Searchers recover body from British Columbia mudslide

A mudslide on Highway 99-Duffey Lake Road in British Columbia.

(CNN)The body of a woman has been recovered from a mudslide that occurred Monday morning near Lillooet, British Columbia, according to a statement released Tuesday by the Royal Canadian Mounted Police.

The woman was from the Lower Mainland, but authorities gave no other details.
Family members of the deceased were notified, according to the release and the BC Coroners Service has been notified and is conducting its own investigation.
    Search efforts continue, the release said.
      "The total number of people and vehicles unaccounted for has not been confirmed, however, investigators have received two missing people reports and believe there may have been other occupied vehicles that were lost in the slide," Staff Sgt. Janelle Shoihet of the Mounted Police's British Columbia Division said in the statement. "We are asking anyone who was a witness to the event, or believes their loved one is missing and has not yet been able to make contact with them to contact the Pemberton or Lillooet RCMP Detachments."
        Lillooet is located north of Vancouver in the interior of British Columbia along the Fraser River.
        Hundreds of other people who were trapped on a British Columbia highway were rescued, emergency management officials said.
          There were three incidents where cars were trapped between debris flows where hundreds of people were trapped, Emergency Management British Columbia communications director Jordan Turner said.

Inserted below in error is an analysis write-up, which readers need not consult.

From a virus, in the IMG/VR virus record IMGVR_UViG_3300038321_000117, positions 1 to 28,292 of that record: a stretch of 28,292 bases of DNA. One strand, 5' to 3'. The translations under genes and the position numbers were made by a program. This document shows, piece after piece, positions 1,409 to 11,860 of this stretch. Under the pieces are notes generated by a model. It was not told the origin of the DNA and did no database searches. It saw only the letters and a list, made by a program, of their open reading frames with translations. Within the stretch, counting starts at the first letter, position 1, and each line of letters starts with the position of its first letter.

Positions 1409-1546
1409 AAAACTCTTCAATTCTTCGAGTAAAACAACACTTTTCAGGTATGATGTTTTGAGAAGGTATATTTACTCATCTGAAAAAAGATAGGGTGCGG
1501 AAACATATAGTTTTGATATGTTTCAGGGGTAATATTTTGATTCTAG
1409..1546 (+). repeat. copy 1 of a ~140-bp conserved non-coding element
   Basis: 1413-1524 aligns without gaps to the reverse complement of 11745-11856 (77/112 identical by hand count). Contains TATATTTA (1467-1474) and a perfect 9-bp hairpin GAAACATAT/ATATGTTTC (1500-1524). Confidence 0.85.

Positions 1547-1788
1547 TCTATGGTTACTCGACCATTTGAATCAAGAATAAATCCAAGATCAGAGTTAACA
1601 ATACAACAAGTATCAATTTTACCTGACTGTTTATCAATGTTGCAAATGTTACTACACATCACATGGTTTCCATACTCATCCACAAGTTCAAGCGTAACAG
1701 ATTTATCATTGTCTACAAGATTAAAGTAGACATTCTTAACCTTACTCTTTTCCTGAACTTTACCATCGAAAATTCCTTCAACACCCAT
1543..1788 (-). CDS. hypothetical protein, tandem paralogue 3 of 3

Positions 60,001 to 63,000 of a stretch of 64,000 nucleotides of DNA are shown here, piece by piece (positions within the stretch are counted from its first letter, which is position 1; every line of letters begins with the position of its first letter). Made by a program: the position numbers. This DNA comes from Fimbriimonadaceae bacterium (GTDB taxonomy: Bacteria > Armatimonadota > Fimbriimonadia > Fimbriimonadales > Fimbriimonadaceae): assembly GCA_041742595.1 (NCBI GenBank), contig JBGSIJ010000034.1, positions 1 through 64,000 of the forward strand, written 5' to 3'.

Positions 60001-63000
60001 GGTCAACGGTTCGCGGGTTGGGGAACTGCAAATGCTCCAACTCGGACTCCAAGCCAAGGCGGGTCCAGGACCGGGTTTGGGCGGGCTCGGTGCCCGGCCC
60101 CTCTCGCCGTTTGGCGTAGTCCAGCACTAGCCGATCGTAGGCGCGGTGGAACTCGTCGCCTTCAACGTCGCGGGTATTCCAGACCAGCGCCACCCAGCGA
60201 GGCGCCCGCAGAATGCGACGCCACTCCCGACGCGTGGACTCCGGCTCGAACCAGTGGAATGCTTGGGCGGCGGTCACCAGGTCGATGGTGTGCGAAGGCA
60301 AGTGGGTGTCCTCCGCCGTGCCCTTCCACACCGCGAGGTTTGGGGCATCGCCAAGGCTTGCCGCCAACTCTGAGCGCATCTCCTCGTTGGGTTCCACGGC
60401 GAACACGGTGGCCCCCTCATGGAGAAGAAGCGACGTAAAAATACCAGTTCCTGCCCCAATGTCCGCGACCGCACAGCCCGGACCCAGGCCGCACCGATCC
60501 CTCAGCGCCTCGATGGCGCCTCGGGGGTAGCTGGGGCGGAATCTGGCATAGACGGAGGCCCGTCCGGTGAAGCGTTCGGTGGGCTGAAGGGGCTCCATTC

Nearly 300 travelers ended up stuck in the region, according to Jonathan Gormick with Canada Task Force 1, a search and rescue team based in Vancouver.
          Canadian authorities across southern British Columbia were being forced to post evacuation orders ahead of rising water as flooding continues to wreak havoc across the greater Pacific Northwest.
          According to the province's emergency information website, 24 evacuation orders have been posted because of flooding. Abbotsford, British Columbia, Mayor Henry Braun said in a news conference Tuesday residents of roughly 1,100 homes in his city have been ordered to evacuate because of flooding.
          Photos and videos posted online by authorities show widespread flooding across Abbotsford, which hugs the US-Canada border and is located 30 miles southeast of Vancouver.
          Some critical infrastructure in parts of the province have also been damaged by the rain and flooding. Princeton, British Columbia Mayor Spencer Coyne told CNN's Canadian newsgathering partner CBC their entire town is without gas after a line was broken during storms and flooding. The break could endanger residents there as temperature will dip well below freezing over the next few nights.
          The city of Merritt said Tuesday afternoon they were forced to shut off drinking water because flooding contaminated it.
          "The water is undrinkable, even if boiled," the city said on Twitter.
          Penticton, British Columbia, reported on Twitter the storms and flooding knocked out town phone lines.
            Flood warnings have been posted for the areas surrounding the province's Similkameen and Thompson rivers, meaning the river levels have, or will imminently, exceed their banks.
            Large swaths of the area surrounding the southern part of the Fraser River have also been placed under a flood watch.